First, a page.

Yesterday, I attended a panel discussion on the "Sharing Economy" at the Battle of Ideas. Benita Matovska, who describes herself as "chief sharer" of the comparison website Compare & Share, enthused about how the Sharing Economy would build communities, transform capitalism and restore the planet. "It's all about trust," she said.
No it isn't. It's all about money.
Here's what Matovska herself says on the Compare & Share website.
I was trying to book a family holiday in Morocco - when we travel as a family we're quite adventurous, we like to share, meet real people and have those amazing money can't buy experiences....I'm sure everybody would like to have experiences money can't buy. But actually she wasn't after a "money can't buy" experience. She was after an expensive experience at a cheap price:
I spent hours searching through site after site and not finding the unique holiday experience I wanted at a price I could afford. I wanted to go to one single site. And that was my light bulb moment - a comparison site for the Sharing Economy. I wanted to be able to car share at my destination, find sites where I could experience the holiday through the eyes of a local, to contribute to the local economy (I care) and of course to discover hidden vintage markets and cool collectibles.And she got it, too.
Last summer - once Compare & Share had launched accommodation - my dream holiday in Morocco became a reality. We stayed in a gorgeous beach house near Essaouira. The highlight was being invited to a rural beach wedding and my daughter and I dancing barefoot at 2 am on floor drums with a room full of Berber women and girls celebrating - a priceless experience!I could say a lot of unpleasant things about this. Her "priceless experience" amounted to cheap voyeurism by a rich snob who wants to "share" other people's cars and houses so she can have a cheap holiday. There's a disturbing colonial attitude underlying this quote too: she and her daughter surrounded by a bevy of adoring native women....it's straight out of the Jewel In The Crown. She'll be "sharing" big game hunting next.
But didn't it ever occur to her that the "rural beach wedding" she attended was probably created as a tourist attraction to fool people like her into believing they are "experiencing the holiday through the eyes of a local", because, you know, "genuine" local events sell holidays? The natives aren't stupid. They know how to milk tourists for money.
Anyway, more power to Matovska for disrupting the holidays industry, just as AirBNB is disrupting the hotel trade and Uber the entrenched self-interests of regulated taxi services. Travel agencies and car hire firms are badly in need of a shakeup. And if as a result of cutting out the middlemen the "local economies" in tourist spots get more money, that's all to the good. But please don't call this "sharing". It's trading.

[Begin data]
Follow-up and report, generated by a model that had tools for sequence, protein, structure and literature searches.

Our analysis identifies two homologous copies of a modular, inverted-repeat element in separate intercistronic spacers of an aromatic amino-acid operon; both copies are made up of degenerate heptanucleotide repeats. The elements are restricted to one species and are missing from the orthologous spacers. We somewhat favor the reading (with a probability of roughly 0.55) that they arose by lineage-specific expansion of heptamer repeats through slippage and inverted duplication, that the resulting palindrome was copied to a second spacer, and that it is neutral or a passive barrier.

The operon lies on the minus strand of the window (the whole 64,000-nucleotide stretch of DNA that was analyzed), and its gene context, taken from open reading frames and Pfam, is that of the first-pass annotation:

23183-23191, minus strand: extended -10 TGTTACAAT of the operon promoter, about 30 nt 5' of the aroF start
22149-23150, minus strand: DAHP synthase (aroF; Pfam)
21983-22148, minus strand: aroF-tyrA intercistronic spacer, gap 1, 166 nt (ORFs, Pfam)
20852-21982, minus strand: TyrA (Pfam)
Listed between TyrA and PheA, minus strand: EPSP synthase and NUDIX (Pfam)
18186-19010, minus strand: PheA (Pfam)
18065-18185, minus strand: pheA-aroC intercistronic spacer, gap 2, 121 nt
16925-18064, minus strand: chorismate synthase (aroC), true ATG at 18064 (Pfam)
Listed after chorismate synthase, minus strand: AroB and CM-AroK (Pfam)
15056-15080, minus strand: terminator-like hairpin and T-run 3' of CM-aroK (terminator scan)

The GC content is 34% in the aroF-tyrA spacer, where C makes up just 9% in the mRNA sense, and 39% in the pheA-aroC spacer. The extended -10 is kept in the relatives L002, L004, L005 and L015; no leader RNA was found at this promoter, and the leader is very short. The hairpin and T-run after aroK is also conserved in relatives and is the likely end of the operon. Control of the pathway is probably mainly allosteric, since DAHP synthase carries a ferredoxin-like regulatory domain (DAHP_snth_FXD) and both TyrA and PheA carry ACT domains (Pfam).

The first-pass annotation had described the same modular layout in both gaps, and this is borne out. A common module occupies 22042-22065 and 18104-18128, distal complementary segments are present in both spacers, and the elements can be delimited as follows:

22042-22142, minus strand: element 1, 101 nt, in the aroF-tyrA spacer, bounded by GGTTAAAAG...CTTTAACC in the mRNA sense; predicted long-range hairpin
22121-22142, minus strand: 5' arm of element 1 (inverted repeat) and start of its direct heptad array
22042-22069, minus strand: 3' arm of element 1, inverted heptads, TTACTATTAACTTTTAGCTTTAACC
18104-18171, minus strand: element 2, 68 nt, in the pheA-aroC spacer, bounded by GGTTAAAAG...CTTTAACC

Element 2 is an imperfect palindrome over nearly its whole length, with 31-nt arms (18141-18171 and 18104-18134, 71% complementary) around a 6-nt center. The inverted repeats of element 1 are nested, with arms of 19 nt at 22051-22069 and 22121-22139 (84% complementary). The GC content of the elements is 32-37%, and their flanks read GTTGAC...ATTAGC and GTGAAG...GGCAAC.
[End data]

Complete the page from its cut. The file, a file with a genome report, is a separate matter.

Letting your spare room out through AirBNB is not "sharing your house". It's letting a room for money. Working part-time for Uber is not "sharing your car". It's driving a car for money.
Ah, but we all know that AirBNB and Uber are wicked capitalists ripping off the genuine sharers, don't we? They aren't part of the real "sharing economy", which is all about people doing things for each other and sharing unused assets. Apparently no-one does this any more, so we need websites to help us do this.
This would be fine if "sharing" websites actually encouraged sharing. Buying things collectively so everyone can use them. Lending your lawnmower to someone who needs to cut their lawn. Or better, cutting their lawn for them. For free, because they are your friend or your neighbour, or simply because you want to help them.
But by and large, that's not what these "sharing" websites do. They are trading platforms. Marketplaces, where people can sell services and rent out or exchange assets.
Selling seats in your car is not "sharing car rides", it's transporting people around for money. People "sharing" their house with you are letting out their house for money. People inviting you to share their meal are not doing so because they like your company, they are making money from cooking and entertaining. Locals offering you "experiences unlike any other" are not doing that because they love you, they are doing it because you will pay them.
Websites like these are simply Ebay for services. Street traders, online. My friend Mervyn Dinnen calls it the "Who will buy?" economy, 21st century version. Instead of looking out of the window at the street traders, Oliver checks his iPad.
These websites have 21st century marketing, too. People who wouldn't like to see themselves as doing anything as wickedly capitalist as selling describe themselves as "sharers", even though their form of sharing involves charging people. And their customers are also "sharers", even though they have to pay. How to hook the gullible, 2015 edition.